Oil has gained for a fourth day, the longest winning streak since April, on signs the pace of drilling is slowing in the US amid a global oversupply.
Futures added as much as 0.6% in New York, after advancing 6.6% the previous three days.
The number of rigs targeting oil fell by 9 to 555, the lowest level since June 2010, Baker Hughes Inc. said on its website.
US oil drillers have idled more than half the country’s rigs since December, according to Baker Hughes. The number of active machines have dropped for 12 of the past 13 weeks.
Crude stockpiles increased by 961,000 barrels last week to 488.2 million, the EIA report Wednesday showed. Supplies rose to 490.9 million barrels in April, the highest level in weekly data since 1982. Inventories at Cushing, Oklahoma, the delivery point for WTI and the biggest U.S. oil-storage hub, expanded a third week to 58.6 million barrels.
Crude stockpiles in the world’s biggest oil consumer increased for a ninth week to near a record, according to the Energy Information Administration.
Oil has slumped more than 40% the past year amid speculation the surplus will be prolonged with US inventories more than 100 million barrels above the five-year seasonal average and as OPEC pumps above its quota.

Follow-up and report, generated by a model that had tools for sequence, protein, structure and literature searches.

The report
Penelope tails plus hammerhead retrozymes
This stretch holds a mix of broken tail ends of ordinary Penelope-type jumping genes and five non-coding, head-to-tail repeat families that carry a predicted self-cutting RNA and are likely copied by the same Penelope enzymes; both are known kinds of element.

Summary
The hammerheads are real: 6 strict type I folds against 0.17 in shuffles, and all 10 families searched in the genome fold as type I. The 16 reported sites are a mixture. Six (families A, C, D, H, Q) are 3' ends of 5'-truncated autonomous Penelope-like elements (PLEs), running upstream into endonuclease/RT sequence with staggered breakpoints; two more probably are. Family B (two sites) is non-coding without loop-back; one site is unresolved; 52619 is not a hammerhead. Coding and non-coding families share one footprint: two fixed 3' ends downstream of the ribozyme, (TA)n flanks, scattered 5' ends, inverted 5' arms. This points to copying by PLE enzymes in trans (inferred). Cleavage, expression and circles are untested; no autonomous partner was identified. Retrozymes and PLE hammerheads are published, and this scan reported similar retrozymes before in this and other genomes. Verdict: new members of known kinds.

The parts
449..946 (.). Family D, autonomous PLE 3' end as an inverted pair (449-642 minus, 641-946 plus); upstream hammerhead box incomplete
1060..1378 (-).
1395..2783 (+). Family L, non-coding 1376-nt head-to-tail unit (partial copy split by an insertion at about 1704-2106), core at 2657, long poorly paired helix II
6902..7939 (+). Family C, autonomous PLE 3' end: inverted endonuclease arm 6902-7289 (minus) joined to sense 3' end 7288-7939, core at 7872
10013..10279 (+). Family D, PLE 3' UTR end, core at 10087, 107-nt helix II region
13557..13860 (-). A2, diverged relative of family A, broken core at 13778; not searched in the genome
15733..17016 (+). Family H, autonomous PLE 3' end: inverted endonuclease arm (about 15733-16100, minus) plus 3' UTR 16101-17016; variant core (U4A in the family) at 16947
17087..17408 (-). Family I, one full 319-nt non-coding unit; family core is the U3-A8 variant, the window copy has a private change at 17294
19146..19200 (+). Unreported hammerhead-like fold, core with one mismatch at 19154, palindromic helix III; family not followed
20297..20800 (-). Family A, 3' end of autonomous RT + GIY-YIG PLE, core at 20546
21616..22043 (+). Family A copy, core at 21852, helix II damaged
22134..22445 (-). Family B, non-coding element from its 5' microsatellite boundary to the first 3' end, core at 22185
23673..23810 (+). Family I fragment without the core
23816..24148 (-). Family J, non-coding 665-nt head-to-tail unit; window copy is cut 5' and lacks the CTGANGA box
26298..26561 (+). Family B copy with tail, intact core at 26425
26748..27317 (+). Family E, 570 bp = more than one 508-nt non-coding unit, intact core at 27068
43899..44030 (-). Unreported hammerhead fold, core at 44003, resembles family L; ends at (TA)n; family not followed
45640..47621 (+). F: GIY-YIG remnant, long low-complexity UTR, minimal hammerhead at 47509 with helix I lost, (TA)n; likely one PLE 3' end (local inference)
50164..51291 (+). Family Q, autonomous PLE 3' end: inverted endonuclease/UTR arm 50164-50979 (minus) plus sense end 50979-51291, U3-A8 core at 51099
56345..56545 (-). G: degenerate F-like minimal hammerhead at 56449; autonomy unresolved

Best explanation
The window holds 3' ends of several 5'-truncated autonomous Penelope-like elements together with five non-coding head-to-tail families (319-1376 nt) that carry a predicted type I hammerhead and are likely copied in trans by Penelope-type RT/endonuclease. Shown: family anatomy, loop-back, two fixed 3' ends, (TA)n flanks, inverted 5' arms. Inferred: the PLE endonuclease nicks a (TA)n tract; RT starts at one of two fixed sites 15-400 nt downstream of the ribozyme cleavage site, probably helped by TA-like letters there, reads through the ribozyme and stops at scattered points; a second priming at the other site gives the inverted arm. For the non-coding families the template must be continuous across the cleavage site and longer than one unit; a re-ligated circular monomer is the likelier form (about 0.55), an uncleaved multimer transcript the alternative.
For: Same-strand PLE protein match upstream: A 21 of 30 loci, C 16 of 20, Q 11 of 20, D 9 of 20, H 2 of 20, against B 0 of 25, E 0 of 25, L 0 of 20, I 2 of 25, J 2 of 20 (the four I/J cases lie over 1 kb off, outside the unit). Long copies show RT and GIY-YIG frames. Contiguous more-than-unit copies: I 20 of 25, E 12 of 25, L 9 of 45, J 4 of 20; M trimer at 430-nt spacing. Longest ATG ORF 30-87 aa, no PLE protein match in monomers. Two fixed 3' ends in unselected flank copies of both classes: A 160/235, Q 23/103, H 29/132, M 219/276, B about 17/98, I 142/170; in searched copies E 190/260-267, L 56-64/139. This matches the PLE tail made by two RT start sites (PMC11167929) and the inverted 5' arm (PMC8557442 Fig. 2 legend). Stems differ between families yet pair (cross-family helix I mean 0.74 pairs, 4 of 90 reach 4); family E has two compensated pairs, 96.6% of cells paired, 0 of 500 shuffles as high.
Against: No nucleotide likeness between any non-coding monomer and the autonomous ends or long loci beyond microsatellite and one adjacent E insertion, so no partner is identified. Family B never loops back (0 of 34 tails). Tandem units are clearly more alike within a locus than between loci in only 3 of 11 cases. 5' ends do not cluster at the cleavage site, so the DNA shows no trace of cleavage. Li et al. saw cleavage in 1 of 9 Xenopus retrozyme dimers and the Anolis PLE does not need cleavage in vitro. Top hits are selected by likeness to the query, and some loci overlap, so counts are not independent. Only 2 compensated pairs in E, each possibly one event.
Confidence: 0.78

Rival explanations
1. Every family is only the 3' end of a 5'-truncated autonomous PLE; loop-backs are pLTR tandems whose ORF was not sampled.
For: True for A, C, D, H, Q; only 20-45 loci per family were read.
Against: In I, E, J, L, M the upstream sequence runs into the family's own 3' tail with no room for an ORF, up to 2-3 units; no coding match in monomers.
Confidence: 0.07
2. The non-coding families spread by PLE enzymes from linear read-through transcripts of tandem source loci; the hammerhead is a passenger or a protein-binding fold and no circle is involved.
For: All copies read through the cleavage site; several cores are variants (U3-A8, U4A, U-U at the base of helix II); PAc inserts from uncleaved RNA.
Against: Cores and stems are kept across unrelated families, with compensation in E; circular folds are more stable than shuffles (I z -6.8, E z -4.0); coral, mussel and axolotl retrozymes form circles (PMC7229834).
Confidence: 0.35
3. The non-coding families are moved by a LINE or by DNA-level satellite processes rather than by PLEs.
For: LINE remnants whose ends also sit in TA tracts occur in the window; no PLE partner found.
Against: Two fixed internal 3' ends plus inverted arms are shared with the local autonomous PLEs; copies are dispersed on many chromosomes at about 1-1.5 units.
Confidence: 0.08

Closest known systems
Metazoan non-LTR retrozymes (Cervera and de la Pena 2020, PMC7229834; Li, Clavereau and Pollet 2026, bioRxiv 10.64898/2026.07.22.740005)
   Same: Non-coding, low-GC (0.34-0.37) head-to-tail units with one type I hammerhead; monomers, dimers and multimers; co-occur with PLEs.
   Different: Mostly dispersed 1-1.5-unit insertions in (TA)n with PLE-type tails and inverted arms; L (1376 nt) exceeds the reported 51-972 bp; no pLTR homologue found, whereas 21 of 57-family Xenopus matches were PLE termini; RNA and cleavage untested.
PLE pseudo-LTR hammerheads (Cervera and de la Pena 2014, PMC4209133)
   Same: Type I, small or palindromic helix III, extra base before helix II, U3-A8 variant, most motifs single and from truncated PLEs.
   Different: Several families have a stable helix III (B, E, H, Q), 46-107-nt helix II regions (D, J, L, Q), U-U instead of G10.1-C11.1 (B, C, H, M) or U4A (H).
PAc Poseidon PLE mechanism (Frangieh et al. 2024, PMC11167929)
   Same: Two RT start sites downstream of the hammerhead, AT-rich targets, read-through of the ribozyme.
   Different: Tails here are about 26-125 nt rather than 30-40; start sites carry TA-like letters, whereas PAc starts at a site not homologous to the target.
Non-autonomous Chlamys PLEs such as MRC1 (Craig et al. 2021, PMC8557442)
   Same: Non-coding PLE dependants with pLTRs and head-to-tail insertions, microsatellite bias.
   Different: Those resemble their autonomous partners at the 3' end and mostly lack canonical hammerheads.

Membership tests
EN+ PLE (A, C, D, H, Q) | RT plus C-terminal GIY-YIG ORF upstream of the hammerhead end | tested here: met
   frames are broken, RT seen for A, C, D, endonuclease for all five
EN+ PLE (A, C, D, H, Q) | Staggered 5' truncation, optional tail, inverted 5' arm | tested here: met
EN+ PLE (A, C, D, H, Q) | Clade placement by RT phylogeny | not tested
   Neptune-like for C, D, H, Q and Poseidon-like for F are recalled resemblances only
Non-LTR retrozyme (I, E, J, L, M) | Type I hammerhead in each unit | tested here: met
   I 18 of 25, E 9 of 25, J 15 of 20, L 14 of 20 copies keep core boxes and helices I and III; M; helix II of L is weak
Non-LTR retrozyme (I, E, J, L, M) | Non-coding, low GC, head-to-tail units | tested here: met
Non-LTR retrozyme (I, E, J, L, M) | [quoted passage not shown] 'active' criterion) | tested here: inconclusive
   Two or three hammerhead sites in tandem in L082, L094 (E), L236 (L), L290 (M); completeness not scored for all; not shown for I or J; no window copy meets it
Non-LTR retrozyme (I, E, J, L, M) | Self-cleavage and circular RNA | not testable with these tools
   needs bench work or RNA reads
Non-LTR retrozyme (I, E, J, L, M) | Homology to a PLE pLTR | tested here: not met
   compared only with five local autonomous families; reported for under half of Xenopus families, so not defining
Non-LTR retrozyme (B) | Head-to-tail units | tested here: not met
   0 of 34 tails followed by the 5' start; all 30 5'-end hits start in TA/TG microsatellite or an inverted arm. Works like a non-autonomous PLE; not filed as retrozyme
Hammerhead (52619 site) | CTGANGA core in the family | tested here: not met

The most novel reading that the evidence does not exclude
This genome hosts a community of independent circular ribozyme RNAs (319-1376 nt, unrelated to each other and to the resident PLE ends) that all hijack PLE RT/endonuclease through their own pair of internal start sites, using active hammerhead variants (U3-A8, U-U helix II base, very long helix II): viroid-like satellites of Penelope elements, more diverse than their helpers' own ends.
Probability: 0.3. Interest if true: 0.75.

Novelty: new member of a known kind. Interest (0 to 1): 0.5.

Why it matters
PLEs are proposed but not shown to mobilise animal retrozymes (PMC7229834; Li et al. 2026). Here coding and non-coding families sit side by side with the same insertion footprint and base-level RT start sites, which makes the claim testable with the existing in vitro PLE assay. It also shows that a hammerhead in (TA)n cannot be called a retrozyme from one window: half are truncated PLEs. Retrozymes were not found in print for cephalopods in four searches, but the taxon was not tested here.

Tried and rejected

Iran will pitch more than 50 oil and natural gas projects to foreign investors at a conference in Tehran starting Saturday as the government prepares for the end of sanctions.
“The short-term trend for prices has been up, but oil has started to lose momentum,” Ric Spooner, a chief analyst at CMC Markets in Sydney, said.
“There is not a lot of change in the underlying crude stockpile data, the U.S. figures are consistent with what we’ve seen in recent weeks.”
West Texas Intermediate for January delivery gained as much as 26 cents to $43.30 a barrel on the New York Mercantile Exchange, and traded at $43.16. The contract added 17 cents to $43.04 on Wednesday. The volume of all futures traded was about 22% below the 100-day average.
Brent for January settlement was 10 cents lower at $46.07 a barrel on the London-based ICE Futures Europe exchange. The contract increased 5 cents to $46.17 Wednesday. The European benchmark crude was at a premium of $2.93 to WTI.